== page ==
• Top 10 tips for property investing

    Top 10 tips for property investing

    1.  Know your budget

    If you’re thinking of investing in property, it’s important to first set out a clear budget. Make sure you take into account the purchase price, stamp duty, legal costs, mortgage insurance (if needed) plus any extra funds you may need for renovations. 

    Once you've done the numbers, and have a better idea of what the real cost of buying might be, ask your bank for a pre-approval on your loan so that you know approximately how much money you may be able to borrow before you start hunting for properties. 

    2.  Seek advice  

    When borrowing to purchase your investment property, there are different loan options for you to consider. Whether you choose interest only repayments for a period of time or pay principal and interest, or whether you choose a fixed interest rate or a variable rate loan, will all depend on your personal circumstances – consider your options carefully before you decide.  

    Structuring your loan correctly is vital for long-term financial health, so seek advice from a reputable financial adviser, accountant and conveyancer.  

    3.  Research locations  

    It's important to buy in an area where there is strong demand for rental accommodation – so research the local demographic.  

    Apart from rental return, you are also looking for capital gain. Each individual property market has its own growth cycle – this can be due to local supply and demand, economic climate and consumer confidence.  

    The idea, if possible, is to invest in a suburb (town or region) that has just been through its cyclic downturn and is poised for a growth phase. Choosing an 'upcoming' area can pay dividends. 

    Look for suburbs undergoing gentrification – signs include; the arrival of young people with good incomes, new homes and renovations springing up, plus new infrastructure like schools and business centres.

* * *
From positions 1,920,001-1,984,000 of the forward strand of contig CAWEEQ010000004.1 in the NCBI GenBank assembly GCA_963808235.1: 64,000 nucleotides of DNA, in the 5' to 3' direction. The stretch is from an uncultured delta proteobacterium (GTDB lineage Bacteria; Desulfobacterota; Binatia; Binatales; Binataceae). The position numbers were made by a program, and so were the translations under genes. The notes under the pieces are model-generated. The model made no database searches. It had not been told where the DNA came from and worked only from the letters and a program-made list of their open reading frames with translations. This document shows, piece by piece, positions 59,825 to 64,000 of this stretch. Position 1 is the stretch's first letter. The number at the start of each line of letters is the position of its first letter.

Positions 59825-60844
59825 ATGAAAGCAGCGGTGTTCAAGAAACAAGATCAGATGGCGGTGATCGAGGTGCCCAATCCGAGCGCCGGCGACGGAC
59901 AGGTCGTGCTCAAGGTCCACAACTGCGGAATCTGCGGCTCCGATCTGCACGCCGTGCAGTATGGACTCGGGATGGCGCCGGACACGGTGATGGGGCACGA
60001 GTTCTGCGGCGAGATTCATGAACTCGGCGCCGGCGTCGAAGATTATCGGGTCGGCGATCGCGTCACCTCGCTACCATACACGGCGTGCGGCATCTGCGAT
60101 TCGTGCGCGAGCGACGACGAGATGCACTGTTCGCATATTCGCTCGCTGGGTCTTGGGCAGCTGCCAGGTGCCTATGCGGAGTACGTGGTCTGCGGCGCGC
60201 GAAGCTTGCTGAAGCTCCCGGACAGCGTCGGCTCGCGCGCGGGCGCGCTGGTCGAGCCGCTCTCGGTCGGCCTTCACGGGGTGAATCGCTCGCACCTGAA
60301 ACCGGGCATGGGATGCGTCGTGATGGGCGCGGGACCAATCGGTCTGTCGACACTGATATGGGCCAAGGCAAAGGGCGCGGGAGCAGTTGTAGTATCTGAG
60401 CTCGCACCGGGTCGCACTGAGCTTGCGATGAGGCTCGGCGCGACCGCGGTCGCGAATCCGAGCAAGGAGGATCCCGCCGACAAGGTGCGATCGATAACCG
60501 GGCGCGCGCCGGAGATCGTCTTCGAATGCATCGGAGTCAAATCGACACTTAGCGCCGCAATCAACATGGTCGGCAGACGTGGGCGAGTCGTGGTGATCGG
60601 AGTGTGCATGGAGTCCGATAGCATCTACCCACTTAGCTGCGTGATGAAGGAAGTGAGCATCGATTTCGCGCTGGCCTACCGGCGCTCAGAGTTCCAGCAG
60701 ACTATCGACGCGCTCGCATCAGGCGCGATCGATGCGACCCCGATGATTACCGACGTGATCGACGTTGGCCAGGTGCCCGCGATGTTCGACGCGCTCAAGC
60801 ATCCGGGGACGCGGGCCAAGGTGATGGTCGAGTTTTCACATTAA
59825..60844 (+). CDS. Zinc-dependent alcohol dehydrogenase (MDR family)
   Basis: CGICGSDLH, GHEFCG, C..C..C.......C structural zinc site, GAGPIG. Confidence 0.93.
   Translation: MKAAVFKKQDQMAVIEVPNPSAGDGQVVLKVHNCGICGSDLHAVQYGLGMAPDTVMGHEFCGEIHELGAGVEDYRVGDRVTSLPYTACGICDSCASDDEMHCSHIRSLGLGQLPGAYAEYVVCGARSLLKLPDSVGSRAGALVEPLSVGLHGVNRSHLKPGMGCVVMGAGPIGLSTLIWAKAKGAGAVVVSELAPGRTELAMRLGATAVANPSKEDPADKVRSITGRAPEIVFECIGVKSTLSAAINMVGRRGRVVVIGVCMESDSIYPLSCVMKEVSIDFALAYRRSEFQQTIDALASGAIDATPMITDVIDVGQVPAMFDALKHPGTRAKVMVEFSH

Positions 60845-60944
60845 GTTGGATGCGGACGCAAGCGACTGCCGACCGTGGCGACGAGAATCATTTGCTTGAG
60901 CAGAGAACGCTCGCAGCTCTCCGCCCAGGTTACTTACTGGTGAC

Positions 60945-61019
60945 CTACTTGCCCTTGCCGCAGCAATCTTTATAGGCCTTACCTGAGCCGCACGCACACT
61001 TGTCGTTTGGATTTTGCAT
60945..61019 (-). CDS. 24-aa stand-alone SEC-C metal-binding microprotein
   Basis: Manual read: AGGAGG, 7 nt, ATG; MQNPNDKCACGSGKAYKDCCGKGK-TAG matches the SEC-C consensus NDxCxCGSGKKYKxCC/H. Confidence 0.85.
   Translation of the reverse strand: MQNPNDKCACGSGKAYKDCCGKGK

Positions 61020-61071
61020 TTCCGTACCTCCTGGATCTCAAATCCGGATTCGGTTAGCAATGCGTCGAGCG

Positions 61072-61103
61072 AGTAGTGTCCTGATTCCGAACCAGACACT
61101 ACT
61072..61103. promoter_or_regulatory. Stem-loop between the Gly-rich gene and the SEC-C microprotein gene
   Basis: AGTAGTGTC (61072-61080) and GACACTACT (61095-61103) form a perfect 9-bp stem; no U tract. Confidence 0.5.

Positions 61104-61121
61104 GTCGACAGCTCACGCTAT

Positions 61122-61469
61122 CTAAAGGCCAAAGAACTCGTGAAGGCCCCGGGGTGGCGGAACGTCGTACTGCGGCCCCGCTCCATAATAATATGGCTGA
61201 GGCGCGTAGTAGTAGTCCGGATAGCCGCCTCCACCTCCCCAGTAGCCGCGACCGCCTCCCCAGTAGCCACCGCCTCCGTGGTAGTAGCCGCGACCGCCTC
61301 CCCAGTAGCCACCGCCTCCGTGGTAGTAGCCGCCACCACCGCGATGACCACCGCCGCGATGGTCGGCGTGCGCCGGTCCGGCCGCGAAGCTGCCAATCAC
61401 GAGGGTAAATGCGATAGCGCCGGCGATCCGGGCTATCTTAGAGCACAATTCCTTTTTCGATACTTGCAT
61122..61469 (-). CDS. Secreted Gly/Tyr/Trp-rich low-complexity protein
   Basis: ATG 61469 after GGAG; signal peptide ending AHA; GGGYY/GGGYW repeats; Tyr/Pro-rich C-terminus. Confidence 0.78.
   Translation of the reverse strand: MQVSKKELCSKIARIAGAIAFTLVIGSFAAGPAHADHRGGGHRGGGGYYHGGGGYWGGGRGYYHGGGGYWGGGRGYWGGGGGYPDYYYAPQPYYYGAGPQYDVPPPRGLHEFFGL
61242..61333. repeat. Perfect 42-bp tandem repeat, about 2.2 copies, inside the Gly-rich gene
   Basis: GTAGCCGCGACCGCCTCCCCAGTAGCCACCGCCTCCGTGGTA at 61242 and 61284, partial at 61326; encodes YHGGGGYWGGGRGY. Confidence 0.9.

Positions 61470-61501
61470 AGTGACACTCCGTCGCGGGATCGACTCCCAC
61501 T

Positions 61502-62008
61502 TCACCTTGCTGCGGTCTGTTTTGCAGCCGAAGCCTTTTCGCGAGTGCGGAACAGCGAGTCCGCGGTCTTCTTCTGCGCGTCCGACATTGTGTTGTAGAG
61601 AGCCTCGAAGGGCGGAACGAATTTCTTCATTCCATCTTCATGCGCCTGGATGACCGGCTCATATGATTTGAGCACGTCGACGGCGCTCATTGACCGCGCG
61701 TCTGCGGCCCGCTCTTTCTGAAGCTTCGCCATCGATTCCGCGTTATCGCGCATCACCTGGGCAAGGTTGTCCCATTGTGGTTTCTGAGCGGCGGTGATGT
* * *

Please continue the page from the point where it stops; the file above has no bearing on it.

4.  Know the market  

    Once you decide on a location, do your research. Talk to locals, real estate agents and council to get a feel for the area, then check out recent sales to get a good idea for what property in the area is worth. 

    5.  Be objective  

    When purchasing a property for investment purposes, it's important to buy with your head and not with your heart.  

    As an investor, you’re making a business decision and should be looking for property that is well presented and functional with potential for good rental return and capital growth in the future. 

    6.  Get an inspection  

    If purchasing an older property, making major repairs in the first few months of ownership could make a significant dent in your cash flow which is why obtaining a professional Building Inspection before purchasing might be a very smart move. 

    Prior to signing the purchase contract, take time to understand the building inspection report to avoid expensive repairs down the track. 

    7.  Freshen it up  

    You'll attract better tenants if you have a well-presented property, so it pays to spend a bit of time and money polishing it up. 

    Paying tradespeople to renovate your investment property is costly. If you're prepared to get your hands dirty you can save money and increase your profit margin by doing some of the work yourself. However you should stick with professional tradespeople for things such as electrical and plumbing work. 

    Keep colours neutral to appeal to a wide market and make sure your kitchen and bathrooms are in good condition. A lick of paint and some new carpet can do wonders for freshening up a property. 

    8.  Beware of costs  

    Once you have bought a property you need to be aware of the ongoing costs involved in maintaining it. Apart from interest charged on your mortgage, there will be other outgoings including council rates, land tax, property management fees, strata fees (if applicable) and insurance.